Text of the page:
David Stillwell 

      9 years ago from Sacramento, California

      Jill: sometimes our best work gets eaten up by technology glitches... I have a string of curse words that I use when that happens... the computer is however, unaffected but the cats... vacate the room. I loved this hub. Thank you for putting in the effort it really shows when writers take the time.

    • The Dirt Farmer profile imageAUTHOR

      Jill Spencer 

      9 years ago from United States

      @ davenmidtown--Thanks so much! I really appreciate the encouragment. It took me forever to research & write. I even lost half of it once when my computer froze! Happy gardening, Jill

    • davenmidtown profile image

      David Stillwell 

      9 years ago from Sacramento, California

      Great Hub! I love how it is presented. The pictures are great, the information is spot on, the detail is a pleasure to read. This is a great hub for veterans and newbies alike! well done my friend!!!!


    This website uses cookies

    As a user in the EEA, your approval is needed on a few things. To provide a better website experience, uses cookies (and other similar technologies) and may collect, process, and share personal data. Please choose which areas of our service you consent to our doing so.

    For more information on managing or withdrawing consents and how we handle data, visit our Privacy Policy at:

    Show Details
    HubPages Device IDThis is used to identify particular browsers or devices when the access the service, and is used for security reasons.
    LoginThis is necessary to sign in to the HubPages Service.
    Google RecaptchaThis is used to prevent bots and spam. (Privacy Policy)
    AkismetThis is used to detect comment spam. (Privacy Policy)
    HubPages Google AnalyticsThis is used to provide data on traffic to our website, all personally identifyable data is anonymized. (Privacy Policy)
    HubPages Traffic PixelThis is used to collect data on traffic to articles and other pages on our site. Unless you are signed in to a HubPages account, all personally identifiable information is anonymized.
    Amazon Web ServicesThis is a cloud services platform that we used to host our service. (Privacy Policy)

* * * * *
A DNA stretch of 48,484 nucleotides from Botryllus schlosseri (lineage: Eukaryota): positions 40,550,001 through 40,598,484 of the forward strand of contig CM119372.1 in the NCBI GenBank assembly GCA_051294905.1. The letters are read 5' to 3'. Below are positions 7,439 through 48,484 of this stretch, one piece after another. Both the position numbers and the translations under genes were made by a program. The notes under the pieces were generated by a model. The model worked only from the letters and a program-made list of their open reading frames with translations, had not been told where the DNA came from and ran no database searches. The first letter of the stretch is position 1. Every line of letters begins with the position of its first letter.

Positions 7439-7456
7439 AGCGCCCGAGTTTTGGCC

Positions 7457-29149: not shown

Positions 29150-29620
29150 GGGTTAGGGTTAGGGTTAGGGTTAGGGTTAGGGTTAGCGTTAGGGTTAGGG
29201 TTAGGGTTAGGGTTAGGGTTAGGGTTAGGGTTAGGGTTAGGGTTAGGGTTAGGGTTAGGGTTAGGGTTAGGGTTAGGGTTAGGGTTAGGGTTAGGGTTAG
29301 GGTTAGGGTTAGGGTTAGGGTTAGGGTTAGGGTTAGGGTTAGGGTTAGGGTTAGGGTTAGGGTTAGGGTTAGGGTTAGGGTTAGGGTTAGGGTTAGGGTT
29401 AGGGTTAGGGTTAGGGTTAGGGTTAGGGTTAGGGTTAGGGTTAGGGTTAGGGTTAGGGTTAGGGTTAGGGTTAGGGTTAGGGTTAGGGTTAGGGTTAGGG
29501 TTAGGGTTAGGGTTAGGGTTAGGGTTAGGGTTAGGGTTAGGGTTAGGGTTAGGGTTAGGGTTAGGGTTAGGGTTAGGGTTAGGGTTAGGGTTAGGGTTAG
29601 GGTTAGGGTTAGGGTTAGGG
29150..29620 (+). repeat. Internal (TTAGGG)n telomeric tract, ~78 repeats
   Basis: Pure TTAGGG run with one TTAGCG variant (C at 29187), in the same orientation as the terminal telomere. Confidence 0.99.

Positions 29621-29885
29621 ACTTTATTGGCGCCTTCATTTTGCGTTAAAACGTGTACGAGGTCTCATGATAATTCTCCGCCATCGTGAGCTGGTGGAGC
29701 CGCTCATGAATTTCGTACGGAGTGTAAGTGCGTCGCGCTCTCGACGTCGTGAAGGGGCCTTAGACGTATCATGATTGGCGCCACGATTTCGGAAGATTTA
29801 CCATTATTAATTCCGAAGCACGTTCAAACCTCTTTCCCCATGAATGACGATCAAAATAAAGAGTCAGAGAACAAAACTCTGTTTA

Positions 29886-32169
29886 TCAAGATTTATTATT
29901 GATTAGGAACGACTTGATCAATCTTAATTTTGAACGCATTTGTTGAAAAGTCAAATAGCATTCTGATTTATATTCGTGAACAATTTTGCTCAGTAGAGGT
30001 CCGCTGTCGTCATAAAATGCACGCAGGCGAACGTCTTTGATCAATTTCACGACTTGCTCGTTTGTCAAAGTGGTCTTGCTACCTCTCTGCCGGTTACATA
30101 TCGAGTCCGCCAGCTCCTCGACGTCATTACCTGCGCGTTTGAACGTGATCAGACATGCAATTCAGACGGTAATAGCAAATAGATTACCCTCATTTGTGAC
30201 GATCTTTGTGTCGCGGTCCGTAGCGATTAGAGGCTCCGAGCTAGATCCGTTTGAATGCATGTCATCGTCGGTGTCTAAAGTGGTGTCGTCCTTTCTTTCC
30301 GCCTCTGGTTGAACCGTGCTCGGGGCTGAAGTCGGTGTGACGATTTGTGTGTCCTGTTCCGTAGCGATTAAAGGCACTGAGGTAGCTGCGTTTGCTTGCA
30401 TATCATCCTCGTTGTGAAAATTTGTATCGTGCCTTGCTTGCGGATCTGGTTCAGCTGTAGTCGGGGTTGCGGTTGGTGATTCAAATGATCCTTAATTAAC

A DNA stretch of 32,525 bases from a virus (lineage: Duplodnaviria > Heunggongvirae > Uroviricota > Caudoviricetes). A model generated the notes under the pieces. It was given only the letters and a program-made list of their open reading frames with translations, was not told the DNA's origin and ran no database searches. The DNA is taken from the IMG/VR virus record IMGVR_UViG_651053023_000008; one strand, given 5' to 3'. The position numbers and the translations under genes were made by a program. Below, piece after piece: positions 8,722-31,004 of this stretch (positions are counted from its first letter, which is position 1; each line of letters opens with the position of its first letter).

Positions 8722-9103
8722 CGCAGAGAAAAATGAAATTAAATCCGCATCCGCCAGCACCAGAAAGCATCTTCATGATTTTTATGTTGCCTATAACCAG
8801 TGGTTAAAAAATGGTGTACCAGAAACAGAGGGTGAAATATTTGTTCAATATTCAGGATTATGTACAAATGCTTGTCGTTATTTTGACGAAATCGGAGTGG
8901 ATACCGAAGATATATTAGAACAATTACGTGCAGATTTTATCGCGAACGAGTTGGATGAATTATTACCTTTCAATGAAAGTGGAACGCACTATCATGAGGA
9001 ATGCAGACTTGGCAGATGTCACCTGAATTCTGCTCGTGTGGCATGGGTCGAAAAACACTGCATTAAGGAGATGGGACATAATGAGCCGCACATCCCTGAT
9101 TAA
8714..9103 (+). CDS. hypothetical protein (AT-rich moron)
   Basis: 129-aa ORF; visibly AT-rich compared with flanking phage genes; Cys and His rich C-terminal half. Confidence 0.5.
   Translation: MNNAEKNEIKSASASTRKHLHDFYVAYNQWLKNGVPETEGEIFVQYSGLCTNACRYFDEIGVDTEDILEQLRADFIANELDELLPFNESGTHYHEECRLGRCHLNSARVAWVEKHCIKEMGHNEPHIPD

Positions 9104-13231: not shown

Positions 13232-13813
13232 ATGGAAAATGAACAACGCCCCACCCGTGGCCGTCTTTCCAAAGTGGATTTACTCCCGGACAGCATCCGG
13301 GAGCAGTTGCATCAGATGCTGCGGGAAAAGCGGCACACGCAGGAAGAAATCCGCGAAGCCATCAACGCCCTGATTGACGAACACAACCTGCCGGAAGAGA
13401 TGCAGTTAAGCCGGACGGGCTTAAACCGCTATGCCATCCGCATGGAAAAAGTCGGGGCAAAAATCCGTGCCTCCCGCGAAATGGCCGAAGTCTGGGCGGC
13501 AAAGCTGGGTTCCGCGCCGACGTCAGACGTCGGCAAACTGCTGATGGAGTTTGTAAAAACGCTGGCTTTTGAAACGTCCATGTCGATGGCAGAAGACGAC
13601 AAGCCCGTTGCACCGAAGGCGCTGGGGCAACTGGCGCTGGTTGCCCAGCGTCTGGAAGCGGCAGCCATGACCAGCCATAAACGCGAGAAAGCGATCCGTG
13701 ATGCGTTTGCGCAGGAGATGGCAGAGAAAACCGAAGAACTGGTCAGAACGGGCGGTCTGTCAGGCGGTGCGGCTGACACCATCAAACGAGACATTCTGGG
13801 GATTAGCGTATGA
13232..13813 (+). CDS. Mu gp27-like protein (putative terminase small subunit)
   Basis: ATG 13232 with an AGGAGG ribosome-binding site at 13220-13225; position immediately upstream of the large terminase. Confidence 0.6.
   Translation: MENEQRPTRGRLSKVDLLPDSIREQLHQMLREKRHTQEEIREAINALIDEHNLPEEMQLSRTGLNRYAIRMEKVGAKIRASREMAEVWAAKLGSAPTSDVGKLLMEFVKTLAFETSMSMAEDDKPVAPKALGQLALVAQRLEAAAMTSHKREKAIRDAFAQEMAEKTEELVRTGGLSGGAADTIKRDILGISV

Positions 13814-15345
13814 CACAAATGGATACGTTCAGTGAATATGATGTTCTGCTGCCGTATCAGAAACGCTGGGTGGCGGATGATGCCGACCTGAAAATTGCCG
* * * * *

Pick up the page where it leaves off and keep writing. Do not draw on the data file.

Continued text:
CloudflareThis is a cloud CDN service that we use to efficiently deliver files required for our service to operate such as javascript, cascading style sheets, images, and videos. (Privacy Policy)
    Google Hosted LibrariesJavascript software libraries such as jQuery are loaded at endpoints on the or domains, for performance and efficiency reasons. (Privacy Policy)
    Google Custom SearchThis is feature allows you to search the site. (Privacy Policy)
    Google MapsSome articles have Google Maps embedded in them. (Privacy Policy)
    Google ChartsThis is used to display charts and graphs on articles and the author center. (Privacy Policy)
    Google AdSense Host APIThis service allows you to sign up for or associate a Google AdSense account with HubPages, so that you can earn money from ads on your articles. No data is shared unless you engage with this feature. (Privacy Policy)
    Google YouTubeSome articles have YouTube videos embedded in them. (Privacy Policy)
    VimeoSome articles have Vimeo videos embedded in them. (Privacy Policy)
    PaypalThis is used for a registered author who enrolls in the HubPages Earnings program and requests to be paid via PayPal. No data is shared with Paypal unless you engage with this feature. (Privacy Policy)
    Facebook LoginYou can use this to streamline signing up for, or signing in to your Hubpages account. No data is shared with Facebook unless you engage with this feature. (Privacy Policy)
    MavenThis supports the Maven widget and search functionality. (Privacy Policy)
    Google AdSenseThis is an ad network. (Privacy Policy)
    Google DoubleClickGoogle provides ad serving technology and runs an ad network. (Privacy Policy)
    Index ExchangeThis is an ad network. (Privacy Policy)
    SovrnThis is an ad network. (Privacy Policy)
    Facebook AdsThis is an ad network. (Privacy Policy)
    Amazon Unified Ad MarketplaceThis is an ad network. (Privacy Policy)
    AppNexusThis is an ad network. (Privacy Policy)
    OpenxThis is an ad network. (Privacy Policy)
    Rubicon ProjectThis is an ad network. (Privacy Policy)
    TripleLiftThis is an ad network. (Privacy Policy)
    Say MediaWe partner with Say Media to deliver ad campaigns on our sites. (Privacy Policy)
    Remarketing PixelsWe may use remarketing pixels from advertising networks such as Google AdWords, Bing Ads, and Facebook in order to advertise the HubPages Service to people that have visited our sites.
    Conversion Tracking PixelsWe may use conversion tracking pixels from advertising networks such as Google AdWords, Bing Ads, and Facebook in order to identify when an advertisement has successfully resulted in the desired action, such as signing up for the HubPages Service or publishing an article on the HubPages Service.
    Author Google AnalyticsThis is used to provide traffic data and reports to the authors of articles on the HubPages Service. (Privacy Policy)
    ComscoreComScore is a media measurement and analytics company providing marketing data and analytics to enterprises, media and advertising agencies, and publishers. Non-consent will result in ComScore only processing obfuscated personal data. (Privacy Policy)
    Amazon Tracking PixelSome articles display amazon products as part of the Amazon Affiliate program, this pixel provides traffic statistics for those products (Privacy Policy)
    ClickscoThis is a data management platform studying reader behavior (Privacy Policy)